Jan 312016


Today is the birthday (1543) of Tokugawa Ieyasu (徳川 家康), the founder and first shogun of the Tokugawa shogunate of Japan, which virtually ruled Japan from the Battle of Sekigahara in 1600 until the Meiji Restoration in 1868. Ieyasu seized power in 1600, received appointment as shogun in 1603, abdicated from office in 1605 (a formal norm), but de facto remained in power until his death in 1616. His given name is sometimes spelled Iyeyasu, according to the historical pronunciation of he. Ieyasu was posthumously enshrined at Nikkō Tōshō-gū with the name Tōshō Daigongen (東照大権現).


Ieyasu is famed as the founder of the Edo period (江戸時代) or Tokugawa period (徳川時代), in Japan, the period between 1603 and 1868 in the history of Japan, when Japanese society was under the rule of the Tokugawa shogunate and the country’s 300 regional daimyo. The period was characterized by economic growth, strict social order, isolationist foreign policies, a stable population, popular enjoyment of well known arts and culture, recycling of materials, and sustainable land and forest management. It was both a sustainable and self-sufficient society which was based on the principles of the highly practical management of finite resources. The shogunate was officially established in Edo on March 24, 1603, by Tokugawa Ieyasu. The period came to an end with the Meiji Restoration on May 3, 1868, after the fall of Edo.


In many ways, foreigners think of the culture of the Edo period as “traditional” Japanese culture — after a long period of inner conflict, the first goal of the newly established Tokugawa government under Ieyasu was to pacify, and stabilize, the country. It created a balance of power that remained (fairly) stable for the next 250 years, influenced by Confucian principles of social order. Most samurai lost their direct possession of the land: all land ownership was concentrated in the hands of about 300 daimyo. The samurai had a choice: give up their swords and become peasants, or move to the city of their feudal lord and become paid retainers. Only a few landed samurai remained in the border provinces of the north, or as direct vassals of the shogun — the 5,000 so-called hatamoto. The daimyo were put under tight control of the shogunate. Their families had to reside in Edo; the daimyo themselves had to reside in Edo for one year and in their provinces (han) for the next. This system was called sankin kōtai. This practice ended internecine wars among the daimyo.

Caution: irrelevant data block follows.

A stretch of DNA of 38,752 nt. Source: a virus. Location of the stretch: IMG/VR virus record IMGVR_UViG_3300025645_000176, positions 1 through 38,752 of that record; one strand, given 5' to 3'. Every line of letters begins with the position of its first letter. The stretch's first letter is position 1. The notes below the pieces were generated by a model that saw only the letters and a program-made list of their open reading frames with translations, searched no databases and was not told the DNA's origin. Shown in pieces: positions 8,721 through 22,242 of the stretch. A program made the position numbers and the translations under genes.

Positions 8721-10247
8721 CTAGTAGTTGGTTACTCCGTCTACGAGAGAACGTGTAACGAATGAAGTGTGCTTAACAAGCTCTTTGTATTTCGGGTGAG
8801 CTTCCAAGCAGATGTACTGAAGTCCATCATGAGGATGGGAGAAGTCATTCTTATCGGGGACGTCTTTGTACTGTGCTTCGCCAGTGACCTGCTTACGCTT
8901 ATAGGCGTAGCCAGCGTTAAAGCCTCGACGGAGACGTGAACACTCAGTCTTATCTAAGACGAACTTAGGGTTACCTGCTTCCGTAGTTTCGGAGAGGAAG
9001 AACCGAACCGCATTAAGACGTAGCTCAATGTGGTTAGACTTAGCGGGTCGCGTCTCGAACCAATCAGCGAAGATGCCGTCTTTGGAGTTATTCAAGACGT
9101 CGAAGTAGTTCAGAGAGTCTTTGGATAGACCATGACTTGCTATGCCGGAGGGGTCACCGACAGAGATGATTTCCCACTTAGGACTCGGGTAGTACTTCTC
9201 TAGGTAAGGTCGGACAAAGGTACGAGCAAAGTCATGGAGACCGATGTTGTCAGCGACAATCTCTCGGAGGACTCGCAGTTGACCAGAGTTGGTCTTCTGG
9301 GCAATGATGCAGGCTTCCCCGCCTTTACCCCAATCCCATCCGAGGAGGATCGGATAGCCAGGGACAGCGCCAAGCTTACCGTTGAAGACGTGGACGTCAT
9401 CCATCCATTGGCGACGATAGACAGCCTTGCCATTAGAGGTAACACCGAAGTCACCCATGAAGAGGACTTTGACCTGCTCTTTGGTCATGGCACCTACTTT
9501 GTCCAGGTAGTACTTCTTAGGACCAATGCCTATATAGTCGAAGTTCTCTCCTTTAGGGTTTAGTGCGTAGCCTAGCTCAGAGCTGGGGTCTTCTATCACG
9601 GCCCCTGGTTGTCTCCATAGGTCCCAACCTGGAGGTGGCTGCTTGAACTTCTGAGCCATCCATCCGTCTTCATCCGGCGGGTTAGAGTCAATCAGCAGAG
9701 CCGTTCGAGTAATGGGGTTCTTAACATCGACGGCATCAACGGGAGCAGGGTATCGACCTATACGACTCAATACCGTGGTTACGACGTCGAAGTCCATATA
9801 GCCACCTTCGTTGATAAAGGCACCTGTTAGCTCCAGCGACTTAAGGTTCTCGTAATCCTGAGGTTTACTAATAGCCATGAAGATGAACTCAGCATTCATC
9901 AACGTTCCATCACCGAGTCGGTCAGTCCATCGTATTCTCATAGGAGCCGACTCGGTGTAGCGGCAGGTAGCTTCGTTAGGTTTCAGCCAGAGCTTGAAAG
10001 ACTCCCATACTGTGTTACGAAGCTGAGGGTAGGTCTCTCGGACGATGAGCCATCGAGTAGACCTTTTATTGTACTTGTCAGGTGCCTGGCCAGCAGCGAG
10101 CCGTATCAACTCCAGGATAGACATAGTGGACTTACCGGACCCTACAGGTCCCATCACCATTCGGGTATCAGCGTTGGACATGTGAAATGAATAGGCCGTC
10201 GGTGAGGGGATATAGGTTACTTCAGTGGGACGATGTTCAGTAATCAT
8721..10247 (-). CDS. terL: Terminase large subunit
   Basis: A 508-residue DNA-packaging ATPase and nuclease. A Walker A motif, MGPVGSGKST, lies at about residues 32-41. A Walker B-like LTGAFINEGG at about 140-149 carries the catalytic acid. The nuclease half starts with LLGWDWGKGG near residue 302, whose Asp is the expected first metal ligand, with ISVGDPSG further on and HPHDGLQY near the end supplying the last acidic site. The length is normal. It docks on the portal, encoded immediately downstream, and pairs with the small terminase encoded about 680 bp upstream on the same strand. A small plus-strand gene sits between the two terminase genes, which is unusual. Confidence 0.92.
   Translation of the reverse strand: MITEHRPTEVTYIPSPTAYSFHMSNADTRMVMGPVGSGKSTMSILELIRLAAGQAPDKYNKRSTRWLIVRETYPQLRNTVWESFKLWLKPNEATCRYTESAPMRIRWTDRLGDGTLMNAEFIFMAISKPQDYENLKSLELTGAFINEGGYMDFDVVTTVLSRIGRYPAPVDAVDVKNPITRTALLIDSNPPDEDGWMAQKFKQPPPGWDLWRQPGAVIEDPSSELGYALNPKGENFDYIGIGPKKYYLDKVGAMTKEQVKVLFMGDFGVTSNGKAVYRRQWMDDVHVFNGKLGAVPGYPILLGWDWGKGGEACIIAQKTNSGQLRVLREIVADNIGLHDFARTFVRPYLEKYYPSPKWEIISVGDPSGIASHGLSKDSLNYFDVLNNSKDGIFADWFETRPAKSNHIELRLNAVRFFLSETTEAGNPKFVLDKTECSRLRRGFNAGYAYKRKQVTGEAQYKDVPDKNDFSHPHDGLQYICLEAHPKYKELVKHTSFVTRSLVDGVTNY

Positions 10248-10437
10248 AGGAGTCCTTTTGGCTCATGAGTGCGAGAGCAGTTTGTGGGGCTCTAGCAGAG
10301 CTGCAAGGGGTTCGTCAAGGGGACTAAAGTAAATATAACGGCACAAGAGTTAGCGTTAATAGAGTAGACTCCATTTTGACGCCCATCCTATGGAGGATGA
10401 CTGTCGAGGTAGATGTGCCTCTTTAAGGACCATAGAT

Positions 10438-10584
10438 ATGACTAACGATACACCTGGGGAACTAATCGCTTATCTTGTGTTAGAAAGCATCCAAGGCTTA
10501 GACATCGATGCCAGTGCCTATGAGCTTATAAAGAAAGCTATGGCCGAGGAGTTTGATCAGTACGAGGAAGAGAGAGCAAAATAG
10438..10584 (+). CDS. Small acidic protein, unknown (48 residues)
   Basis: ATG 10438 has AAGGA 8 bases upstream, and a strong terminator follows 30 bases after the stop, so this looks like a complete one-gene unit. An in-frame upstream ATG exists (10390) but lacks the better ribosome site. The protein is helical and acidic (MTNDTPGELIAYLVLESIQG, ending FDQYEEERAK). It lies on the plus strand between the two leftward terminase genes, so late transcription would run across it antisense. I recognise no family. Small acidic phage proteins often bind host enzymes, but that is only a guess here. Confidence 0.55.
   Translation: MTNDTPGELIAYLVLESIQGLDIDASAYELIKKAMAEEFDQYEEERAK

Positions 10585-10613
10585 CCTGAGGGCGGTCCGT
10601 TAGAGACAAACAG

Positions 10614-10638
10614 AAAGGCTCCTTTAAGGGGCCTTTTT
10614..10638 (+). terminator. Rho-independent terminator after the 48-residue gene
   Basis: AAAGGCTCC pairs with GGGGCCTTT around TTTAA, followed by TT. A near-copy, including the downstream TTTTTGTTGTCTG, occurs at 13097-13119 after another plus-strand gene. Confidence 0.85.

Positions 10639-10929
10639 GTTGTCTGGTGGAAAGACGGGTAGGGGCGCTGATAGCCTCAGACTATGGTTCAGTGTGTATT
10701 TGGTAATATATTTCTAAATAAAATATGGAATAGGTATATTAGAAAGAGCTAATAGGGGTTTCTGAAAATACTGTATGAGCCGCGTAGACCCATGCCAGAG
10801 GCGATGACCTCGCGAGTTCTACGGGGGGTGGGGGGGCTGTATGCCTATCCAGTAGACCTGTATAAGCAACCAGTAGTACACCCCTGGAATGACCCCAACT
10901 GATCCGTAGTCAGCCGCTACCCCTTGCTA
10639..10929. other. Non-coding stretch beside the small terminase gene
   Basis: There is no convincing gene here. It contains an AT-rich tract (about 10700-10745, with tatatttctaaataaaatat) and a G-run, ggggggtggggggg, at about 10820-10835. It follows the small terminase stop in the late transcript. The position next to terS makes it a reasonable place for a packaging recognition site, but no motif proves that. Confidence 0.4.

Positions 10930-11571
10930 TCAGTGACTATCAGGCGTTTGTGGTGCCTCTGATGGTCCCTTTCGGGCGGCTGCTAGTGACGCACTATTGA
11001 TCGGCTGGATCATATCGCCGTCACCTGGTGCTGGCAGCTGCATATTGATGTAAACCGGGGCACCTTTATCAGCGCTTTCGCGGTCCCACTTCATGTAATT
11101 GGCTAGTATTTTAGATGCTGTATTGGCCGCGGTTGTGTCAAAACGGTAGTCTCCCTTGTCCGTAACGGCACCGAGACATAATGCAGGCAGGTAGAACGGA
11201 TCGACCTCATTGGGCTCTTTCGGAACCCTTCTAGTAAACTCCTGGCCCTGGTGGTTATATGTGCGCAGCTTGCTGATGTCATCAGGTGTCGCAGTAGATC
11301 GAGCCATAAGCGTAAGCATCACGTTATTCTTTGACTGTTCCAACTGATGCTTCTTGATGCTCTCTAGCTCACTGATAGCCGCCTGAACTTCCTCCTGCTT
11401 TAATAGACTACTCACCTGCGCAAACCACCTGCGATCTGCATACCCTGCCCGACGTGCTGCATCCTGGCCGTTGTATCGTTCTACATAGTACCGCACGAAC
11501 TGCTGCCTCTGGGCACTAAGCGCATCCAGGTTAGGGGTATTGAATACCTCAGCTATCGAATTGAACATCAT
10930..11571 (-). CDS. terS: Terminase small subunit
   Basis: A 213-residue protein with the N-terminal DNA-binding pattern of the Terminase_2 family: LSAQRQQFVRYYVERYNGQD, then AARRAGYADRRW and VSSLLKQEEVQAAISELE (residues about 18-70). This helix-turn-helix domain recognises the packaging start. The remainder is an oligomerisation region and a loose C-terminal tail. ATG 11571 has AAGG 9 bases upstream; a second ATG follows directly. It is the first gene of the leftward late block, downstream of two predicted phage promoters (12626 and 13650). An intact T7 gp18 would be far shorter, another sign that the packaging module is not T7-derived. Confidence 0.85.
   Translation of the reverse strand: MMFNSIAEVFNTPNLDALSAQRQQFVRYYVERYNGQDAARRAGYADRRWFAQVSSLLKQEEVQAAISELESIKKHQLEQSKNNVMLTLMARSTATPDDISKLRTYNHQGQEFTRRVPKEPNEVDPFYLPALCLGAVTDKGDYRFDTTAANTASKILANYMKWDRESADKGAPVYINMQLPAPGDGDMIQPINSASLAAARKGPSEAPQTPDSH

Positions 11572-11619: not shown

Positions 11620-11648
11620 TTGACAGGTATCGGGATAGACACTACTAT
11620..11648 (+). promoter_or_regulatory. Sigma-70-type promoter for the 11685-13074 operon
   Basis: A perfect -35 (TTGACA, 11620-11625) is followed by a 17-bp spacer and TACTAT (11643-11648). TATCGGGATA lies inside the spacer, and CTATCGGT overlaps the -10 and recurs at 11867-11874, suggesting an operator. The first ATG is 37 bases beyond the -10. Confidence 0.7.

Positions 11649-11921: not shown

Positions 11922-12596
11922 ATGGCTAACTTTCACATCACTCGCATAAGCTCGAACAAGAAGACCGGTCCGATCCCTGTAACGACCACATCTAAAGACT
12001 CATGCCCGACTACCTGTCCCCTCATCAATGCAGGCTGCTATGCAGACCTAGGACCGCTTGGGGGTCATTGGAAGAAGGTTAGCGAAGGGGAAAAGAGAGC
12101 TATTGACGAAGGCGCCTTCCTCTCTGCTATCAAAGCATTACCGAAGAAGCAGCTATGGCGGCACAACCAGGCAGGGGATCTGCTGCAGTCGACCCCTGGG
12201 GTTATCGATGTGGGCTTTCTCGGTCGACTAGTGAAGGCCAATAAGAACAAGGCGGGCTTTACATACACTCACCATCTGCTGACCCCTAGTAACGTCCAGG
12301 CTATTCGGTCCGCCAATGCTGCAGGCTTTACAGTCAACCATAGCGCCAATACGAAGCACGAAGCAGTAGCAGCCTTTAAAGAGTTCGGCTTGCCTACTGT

The individual had no legal rights in Tokugawa Japan. The family was the smallest legal entity, and the maintenance of family status and privileges was of great importance at all levels of society. For example, the Edo period penal laws prescribed “non-free labor” or slavery for the immediate family of executed criminals in Article 17 of the Gotōke reijō (Tokugawa House Laws), but the practice never became common. The 1711 Gotōke reijō was compiled from over 600 statutes promulgated between 1597 and 1696. (Click the graphic to see the full social order).


During the Tokugawa period, the social order, based on inherited position rather than personal merits, was rigid and highly formalized. At the top were the Emperor and Court nobles (kuge), together with the Shogun and daimyo. Below them the population was divided into four classes in a system known as mibunsei (身分制): the samurai on top (about 5% of the population) and the peasants (more than 80% of the population) on the second level. Below the peasants were the craftsmen, and even below them, on the fourth level, were the merchants. Only the peasants lived in the rural areas. Samurai, craftsmen and merchants lived in the cities that were built around the daimyo’s castles, each restricted to their own quarter.